Published on:

A workers’ compensation insurance carrier may argue that benefits should be denied to an injured worker if the worker had a pre-existing injury, or that the worker must show that the latest injury is the “major cause” of the worker’s current disability in order to receive benefits.

The claimant in one such case was a 28-year-old carpenter/laborer originally from the Dominican Republic. He has difficulty communicating in English.arm-in-sling-618476-m[1]

On October 26, 2009, while working on a roof and maneuvering a sheet of plywood, a gust of wind yanked the board away from him, causing pain in his shoulder. The same day, he hit his finger with a hammer. He went to Bay State Medical Center, where he was treated for the injured finger and a dislocated shoulder. Continue reading →

Published on:

old-willow-trees-1425964-m[1]The Appeals Court of Massachusetts, in Mohammed Benabed’s Case, 85 Mass. App. Ct., 1111 (April 4, 2014) upheld a decision by an administrative law judge (ALJ) to permit an employee to submit additional medical evidence in support of a workers’ compensation claim. The ALJ had justified her decision that the employee’s medical condition was complex and that the additional evidence was necessary both to present an accurate picture of his work-related injuries and to assess his diminished earning capacity.

The additional testimony  was that of a Dr. Zarin, whose preliminary opinion was that the employee’s medical condition was complex and that the court needed additional medical evidence to render its decision.  Dr. Zarin then assessed the employee’s condition using the additional medical evidence.

In his report, Dr. Zarin  verified that the employee had suffered an acute injury at work. He also inferred from the additional medical evidence that the employee’s workplace injury was in addition to his pre-existing condition of posttraumatic arthritis. The arthritis resulted from damage to his leg and knee from being tortured in his native country. Continue reading →

Published on:

Employers may try to save money on their insurance premiums by classifying their workers as independent contractors, not eligible for workers’ compensation benefits. If a worker is injured or sickened at work and files a claim for workers’ compensation benefits, the employer’s attempt to economize may backfire when the insurance company pays the benefits to the employee and pursues the employer for the added expense.hand-with-clipboard-609113-m[1]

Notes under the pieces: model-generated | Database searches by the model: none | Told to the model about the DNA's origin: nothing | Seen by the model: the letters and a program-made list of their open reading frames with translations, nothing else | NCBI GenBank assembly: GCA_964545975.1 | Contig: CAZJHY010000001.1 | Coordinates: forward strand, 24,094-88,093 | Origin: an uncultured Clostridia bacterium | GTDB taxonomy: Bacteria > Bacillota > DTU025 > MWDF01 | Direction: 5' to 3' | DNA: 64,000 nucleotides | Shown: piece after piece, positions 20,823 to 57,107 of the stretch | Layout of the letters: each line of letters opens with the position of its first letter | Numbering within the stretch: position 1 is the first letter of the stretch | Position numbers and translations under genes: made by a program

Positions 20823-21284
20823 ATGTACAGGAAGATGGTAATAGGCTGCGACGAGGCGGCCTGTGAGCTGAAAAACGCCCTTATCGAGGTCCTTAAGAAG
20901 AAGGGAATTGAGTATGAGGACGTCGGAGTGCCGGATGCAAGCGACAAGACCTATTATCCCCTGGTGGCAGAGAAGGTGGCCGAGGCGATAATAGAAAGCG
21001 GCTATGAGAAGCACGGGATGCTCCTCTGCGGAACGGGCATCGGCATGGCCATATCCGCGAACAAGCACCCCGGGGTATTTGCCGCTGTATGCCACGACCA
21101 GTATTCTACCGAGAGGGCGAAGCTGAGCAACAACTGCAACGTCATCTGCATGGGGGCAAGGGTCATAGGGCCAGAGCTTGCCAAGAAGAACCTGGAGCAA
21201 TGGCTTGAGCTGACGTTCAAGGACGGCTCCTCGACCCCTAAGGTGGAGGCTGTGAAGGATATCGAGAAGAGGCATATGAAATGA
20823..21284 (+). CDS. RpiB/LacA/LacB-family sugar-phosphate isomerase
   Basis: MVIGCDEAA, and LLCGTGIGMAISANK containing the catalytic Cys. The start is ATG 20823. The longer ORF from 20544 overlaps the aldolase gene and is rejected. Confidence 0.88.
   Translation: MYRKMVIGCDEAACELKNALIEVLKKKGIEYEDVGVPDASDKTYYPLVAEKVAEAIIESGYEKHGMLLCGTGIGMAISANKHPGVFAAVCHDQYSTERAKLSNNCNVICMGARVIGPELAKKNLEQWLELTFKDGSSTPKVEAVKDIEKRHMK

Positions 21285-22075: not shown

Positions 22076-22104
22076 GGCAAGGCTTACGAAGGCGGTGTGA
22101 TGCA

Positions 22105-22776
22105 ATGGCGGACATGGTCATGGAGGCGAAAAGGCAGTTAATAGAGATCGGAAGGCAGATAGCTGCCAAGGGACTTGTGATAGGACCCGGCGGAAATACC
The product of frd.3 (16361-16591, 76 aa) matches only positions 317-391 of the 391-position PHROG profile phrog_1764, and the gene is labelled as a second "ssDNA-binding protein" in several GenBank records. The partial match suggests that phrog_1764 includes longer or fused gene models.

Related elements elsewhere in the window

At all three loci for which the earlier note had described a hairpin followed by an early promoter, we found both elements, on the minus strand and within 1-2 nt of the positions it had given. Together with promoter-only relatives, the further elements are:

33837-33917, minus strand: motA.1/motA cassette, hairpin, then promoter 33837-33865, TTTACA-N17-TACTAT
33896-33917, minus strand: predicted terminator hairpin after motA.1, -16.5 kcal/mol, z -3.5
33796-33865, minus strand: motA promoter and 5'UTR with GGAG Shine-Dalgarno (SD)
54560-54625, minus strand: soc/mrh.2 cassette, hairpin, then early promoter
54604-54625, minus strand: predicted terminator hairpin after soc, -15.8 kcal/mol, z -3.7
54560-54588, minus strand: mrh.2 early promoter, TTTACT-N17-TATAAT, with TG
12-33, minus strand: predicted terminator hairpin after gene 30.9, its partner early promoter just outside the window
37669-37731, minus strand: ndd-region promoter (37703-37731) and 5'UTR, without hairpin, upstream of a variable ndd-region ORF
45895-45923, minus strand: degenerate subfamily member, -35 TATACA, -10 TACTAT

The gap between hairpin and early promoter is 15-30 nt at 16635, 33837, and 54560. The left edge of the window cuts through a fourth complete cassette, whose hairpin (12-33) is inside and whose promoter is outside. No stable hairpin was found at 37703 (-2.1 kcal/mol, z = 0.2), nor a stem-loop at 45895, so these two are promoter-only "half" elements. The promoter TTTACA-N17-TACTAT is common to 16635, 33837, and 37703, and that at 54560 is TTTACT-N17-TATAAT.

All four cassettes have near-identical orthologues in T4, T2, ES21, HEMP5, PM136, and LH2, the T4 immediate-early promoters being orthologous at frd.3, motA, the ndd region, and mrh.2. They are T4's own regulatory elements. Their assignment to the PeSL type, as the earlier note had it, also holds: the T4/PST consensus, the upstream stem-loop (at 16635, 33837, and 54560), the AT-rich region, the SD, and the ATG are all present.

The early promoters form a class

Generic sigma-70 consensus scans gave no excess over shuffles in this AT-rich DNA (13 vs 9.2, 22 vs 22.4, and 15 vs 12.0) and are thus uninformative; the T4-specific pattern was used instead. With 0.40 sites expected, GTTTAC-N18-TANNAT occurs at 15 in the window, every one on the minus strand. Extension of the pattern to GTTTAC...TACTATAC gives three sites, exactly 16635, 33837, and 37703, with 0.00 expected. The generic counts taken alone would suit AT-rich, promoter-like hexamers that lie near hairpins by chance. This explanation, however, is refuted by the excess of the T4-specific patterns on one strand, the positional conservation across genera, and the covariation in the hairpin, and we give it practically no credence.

In a decision (Case No. 13-P-1677, entered June 18, 2014),  involving a drywall contractor, Universal Drywall, LLC, the Appeals Court of Massachusetts affirmed an award of damages to Travelers Property Casualty Company of America, the company’s workers’ compensation insurance carrier, since Universal had improperly classified its workers as independent contractors when they were actually employees within the meaning of the Workers’ Compensation Act, Mass. G.L. ch. 152.

The insurance premium Travelers charged to Universal was based on the number of Universal’s workers who were eligible for workers’ compensation benefits. Since Universal classified most of its employees as independent contractors, not eligible for benefits, the premium it paid to Travelers was reduced because most of Universal’s workers were not covered. Continue reading →

Published on:

A business owner with an eye on the bottom line may attempt to pass along the costs of doing business to either customers or employees. Customers won’t appreciate higher costs, however, and in the current economy, a business owner may feel safer passing business expenses on to employees, in the form of lower wages or deductions.keeping-it-together-596144-m[1]